By AROON PURIE
The most profound economic and development changes sweeping rural India over the past four decades.
In recent weeks, rural distress has dominated public discourse. Loan waivers are the new flavour of the season for politicians, the panacea that will win them elections.
Typically, they don’t address the real problem, just apply band-aids to a very deep wound. The reasons for the anguish in rural India are many and vary from region to region — overproduction, lack of market access, the unproductive size of holdings, poor irrigation, drought or badly implemented government schemes.
As over 68 per cent of India lives in its villages, the well-being of rural India is crucial to the country. As Mahatma Gandhi said over 80 years ago, “If the village perishes, India will perish too.” And the words of the Mahatma are becoming increasingly relevant in today’s India, whose people are wrestling with multiple paradoxes.
A five-fold increase in grain production since Independence has fortunately consigned famines to the history books. Yet, there’s a flip side to grain surpluses – farmer suicides. Government statistics estimate one farmer suicide every half hour over the past two decades.
Agriculture is marked by abysmal productivity rates — over 60 per cent of the country is employed in agriculture, but it accounts for only 17 per cent of the GDP. While the cities are growing, rural India is wrestling with agrarian distress and stagnant incomes.
The sluggish single-digit growth of rural India’s mainstay has fuelled an exodus towards urban areas. Understandably, a majority of rural Indians don’t want to be farmers and that’s one reason for urban overcrowding. These are fundamental problems that require enlightened leadership and much time to change.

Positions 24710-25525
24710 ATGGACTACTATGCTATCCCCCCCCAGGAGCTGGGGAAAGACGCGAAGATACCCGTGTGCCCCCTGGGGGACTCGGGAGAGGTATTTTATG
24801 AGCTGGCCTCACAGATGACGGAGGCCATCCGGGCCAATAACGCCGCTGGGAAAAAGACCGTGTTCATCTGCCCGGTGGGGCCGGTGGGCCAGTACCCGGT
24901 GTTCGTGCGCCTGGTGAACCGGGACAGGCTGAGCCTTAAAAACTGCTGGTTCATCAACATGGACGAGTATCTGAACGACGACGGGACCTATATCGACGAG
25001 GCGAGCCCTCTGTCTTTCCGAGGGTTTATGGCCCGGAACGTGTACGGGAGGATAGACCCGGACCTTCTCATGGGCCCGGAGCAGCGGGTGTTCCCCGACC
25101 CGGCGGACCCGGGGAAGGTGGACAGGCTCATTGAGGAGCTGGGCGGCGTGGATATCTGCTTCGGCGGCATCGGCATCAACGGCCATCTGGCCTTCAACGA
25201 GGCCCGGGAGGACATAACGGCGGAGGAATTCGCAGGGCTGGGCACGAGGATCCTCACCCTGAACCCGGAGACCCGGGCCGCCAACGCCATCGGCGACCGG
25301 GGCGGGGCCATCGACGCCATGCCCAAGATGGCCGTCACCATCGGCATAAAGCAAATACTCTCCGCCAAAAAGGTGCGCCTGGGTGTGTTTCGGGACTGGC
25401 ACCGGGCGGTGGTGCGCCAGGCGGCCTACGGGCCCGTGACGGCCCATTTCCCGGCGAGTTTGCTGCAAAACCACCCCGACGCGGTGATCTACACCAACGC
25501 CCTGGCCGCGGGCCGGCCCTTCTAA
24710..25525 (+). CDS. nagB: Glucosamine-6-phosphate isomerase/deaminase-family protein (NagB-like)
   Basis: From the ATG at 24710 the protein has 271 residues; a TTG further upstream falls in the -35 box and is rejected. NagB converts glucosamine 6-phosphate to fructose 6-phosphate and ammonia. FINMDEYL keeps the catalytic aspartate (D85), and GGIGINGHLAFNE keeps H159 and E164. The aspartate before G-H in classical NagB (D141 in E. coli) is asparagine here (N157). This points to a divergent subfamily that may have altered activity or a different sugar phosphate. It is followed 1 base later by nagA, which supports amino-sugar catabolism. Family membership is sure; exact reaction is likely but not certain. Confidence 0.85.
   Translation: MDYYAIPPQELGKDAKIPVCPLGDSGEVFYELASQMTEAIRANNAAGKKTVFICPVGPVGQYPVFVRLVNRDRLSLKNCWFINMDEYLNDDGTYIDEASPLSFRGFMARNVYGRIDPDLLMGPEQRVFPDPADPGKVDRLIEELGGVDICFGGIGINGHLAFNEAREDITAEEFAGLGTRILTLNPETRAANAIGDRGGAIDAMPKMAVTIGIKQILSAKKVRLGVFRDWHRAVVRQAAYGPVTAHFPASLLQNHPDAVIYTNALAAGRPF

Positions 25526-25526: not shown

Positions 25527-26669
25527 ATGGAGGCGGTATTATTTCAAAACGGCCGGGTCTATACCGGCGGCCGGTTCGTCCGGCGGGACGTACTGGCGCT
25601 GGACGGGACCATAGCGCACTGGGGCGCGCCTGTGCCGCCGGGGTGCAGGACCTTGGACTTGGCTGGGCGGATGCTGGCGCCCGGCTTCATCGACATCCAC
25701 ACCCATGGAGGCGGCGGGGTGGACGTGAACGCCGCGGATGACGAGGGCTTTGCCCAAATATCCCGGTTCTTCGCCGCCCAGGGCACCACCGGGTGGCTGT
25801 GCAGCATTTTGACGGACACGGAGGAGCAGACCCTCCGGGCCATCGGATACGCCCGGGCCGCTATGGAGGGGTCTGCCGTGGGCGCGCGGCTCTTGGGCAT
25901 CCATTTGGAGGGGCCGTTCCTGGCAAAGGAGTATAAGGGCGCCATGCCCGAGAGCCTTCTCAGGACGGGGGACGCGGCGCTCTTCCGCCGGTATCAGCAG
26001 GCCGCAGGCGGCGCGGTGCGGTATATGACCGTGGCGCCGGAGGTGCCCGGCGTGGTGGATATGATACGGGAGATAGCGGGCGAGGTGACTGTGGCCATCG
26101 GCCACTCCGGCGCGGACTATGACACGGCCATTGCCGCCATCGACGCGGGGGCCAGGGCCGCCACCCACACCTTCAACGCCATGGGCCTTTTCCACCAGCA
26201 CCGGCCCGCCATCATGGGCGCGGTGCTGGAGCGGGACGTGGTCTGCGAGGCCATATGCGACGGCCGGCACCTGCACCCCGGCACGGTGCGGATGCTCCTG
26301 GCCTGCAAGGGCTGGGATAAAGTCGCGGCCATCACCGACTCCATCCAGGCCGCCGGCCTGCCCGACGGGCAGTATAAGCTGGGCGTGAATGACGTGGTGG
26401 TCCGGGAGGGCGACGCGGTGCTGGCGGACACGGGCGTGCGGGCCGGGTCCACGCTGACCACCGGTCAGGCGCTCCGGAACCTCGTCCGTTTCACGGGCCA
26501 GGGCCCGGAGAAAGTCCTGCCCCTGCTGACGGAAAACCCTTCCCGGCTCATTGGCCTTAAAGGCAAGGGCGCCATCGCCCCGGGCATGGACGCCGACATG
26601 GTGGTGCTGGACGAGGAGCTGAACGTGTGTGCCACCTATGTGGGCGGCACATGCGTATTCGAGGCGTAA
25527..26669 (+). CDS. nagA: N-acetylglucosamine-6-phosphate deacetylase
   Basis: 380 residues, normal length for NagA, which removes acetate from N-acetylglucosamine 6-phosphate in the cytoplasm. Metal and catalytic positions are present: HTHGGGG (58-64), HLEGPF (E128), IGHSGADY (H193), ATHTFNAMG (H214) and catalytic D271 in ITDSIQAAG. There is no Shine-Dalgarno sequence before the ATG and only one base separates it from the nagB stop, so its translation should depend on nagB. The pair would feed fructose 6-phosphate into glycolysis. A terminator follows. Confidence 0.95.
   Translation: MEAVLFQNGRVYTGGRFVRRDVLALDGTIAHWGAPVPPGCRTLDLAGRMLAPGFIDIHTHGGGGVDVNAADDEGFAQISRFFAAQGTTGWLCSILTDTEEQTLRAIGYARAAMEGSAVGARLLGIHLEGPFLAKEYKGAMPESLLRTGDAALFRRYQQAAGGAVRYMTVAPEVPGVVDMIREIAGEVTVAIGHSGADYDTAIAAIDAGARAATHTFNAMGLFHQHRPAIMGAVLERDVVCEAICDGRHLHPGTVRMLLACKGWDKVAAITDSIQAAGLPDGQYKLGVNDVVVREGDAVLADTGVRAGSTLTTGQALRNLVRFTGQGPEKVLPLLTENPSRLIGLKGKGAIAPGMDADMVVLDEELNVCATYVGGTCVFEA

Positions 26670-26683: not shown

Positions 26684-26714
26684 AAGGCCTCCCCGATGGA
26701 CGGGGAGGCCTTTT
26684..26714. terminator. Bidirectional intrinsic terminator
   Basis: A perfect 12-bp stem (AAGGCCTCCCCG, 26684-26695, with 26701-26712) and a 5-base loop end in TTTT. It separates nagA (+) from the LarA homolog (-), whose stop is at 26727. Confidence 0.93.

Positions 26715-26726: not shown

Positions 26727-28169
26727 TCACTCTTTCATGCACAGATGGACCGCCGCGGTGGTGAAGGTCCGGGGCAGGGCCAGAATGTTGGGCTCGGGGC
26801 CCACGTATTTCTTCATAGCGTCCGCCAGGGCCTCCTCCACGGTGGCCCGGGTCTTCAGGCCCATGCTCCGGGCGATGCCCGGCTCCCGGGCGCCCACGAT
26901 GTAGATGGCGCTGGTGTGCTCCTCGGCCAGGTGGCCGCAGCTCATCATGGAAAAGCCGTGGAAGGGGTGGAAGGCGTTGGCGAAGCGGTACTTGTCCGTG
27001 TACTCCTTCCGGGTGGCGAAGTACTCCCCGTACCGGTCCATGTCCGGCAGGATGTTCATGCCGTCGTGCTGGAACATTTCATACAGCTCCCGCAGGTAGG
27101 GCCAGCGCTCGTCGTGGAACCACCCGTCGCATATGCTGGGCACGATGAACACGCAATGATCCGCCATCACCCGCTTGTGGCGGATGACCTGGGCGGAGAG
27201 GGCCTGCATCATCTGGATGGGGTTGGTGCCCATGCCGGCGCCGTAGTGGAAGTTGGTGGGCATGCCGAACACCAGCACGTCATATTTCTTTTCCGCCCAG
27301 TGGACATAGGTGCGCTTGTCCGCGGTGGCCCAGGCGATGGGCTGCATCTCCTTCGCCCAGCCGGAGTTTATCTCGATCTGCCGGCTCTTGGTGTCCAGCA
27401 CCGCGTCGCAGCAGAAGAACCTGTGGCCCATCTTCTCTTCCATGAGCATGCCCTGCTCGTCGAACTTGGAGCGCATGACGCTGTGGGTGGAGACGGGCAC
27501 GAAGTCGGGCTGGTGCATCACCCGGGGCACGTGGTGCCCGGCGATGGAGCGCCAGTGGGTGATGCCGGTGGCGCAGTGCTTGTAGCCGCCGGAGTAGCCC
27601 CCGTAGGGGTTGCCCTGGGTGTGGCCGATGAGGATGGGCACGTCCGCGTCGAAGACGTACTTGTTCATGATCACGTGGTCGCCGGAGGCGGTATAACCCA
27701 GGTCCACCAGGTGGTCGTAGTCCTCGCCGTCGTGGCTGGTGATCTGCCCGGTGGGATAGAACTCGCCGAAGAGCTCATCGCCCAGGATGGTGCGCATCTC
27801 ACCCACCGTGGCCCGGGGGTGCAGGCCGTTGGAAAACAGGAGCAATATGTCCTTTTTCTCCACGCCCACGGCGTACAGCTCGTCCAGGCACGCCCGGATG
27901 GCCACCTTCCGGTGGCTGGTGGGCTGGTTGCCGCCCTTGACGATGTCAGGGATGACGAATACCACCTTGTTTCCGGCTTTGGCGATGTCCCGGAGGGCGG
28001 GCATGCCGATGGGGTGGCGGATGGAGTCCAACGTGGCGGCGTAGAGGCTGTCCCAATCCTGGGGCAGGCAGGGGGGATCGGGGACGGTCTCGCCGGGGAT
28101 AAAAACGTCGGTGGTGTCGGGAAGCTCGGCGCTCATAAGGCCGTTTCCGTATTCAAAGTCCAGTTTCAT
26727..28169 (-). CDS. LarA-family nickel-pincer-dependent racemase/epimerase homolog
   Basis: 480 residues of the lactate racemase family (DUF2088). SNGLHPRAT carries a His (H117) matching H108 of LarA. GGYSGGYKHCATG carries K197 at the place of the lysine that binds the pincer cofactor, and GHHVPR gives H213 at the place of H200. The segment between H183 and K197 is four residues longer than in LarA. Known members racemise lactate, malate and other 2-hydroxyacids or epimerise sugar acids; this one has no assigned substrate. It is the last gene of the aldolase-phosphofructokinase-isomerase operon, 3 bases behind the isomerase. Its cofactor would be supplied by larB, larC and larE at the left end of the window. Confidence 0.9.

However, progress creeps in silently. I’ve noticed when I travel to the interiors during election time how the crowds in the rallies have changed. They all have footwear, their clothes are not torn, their children look healthier and there are thousands of mobile phones. This was not the case two decades ago.
A welter of projects have, over the years, transformed the more than six lakh villages of India, ushering in roads, electricity, irrigation and telecommunication. The telecom revolution has plugged villages into the global mainstream. Rural roads have increased access to quality education and healthcare. One major milestone this April was a government announcement that it had electrified all of India’s villages. The latest buzzword is rurban – where the government aims to provide urban-like civic infrastructure to villages.
India Today’s 43rd anniversary issue, Naya Bharat, for December 31, 2018.
India Today’s 43rd anniversary issue, ‘Naya Bharat’, tracks some of the most profound economic and development changes sweeping rural India over the past four decades. We have a cornucopia of stories from rural India. We track the social warriors making a difference across the rural landscape and, in the manner of the Mahatma, leading their communities to self-sufficiency.
From the mushroom farmer in Sitamarhi empowering rural women to the engineer from Hyderabad who’s pioneered low-cost drinking water solutions.
Our section on rural youth icons includes, among others, the patent lawyer from Pune who’s GI-tagging fruits and vegetables and the social worker from Jodhpur who is waging a war against child marriage in Rajasthan.
Our segment on design and fashion spotlights artists putting issues of caste discrimination and identity on their canvas and designers who are redefining rural chic. Our rural sports stars include the heptathlete from West Bengal and the sculler from Nashik. Our comprehensive rural number-crunching throws up interesting trends. There’s been an explosive growth in mobile connections, a surge in the dairy, poultry and pisciculture sectors.
Primary school enrolment has grown substantially, 90 million rural toilets have enhanced sanitation, and taps and piped water are replacing hand pumps and wells. These are just a few of the changes sweeping rural India. I must say our correspondents and photographers have done marvellous work in discovering those not-so-well-known individuals who are making a difference in their own and the lives of others around them.
These are stories which go beyond the rhetoric of politicians, the apathy of bureaucrats and the incompetence of the government. Stories you are unlikely to have seen anywhere else. Stories that give me hope for a vibrant and progressive India of tomorrow.
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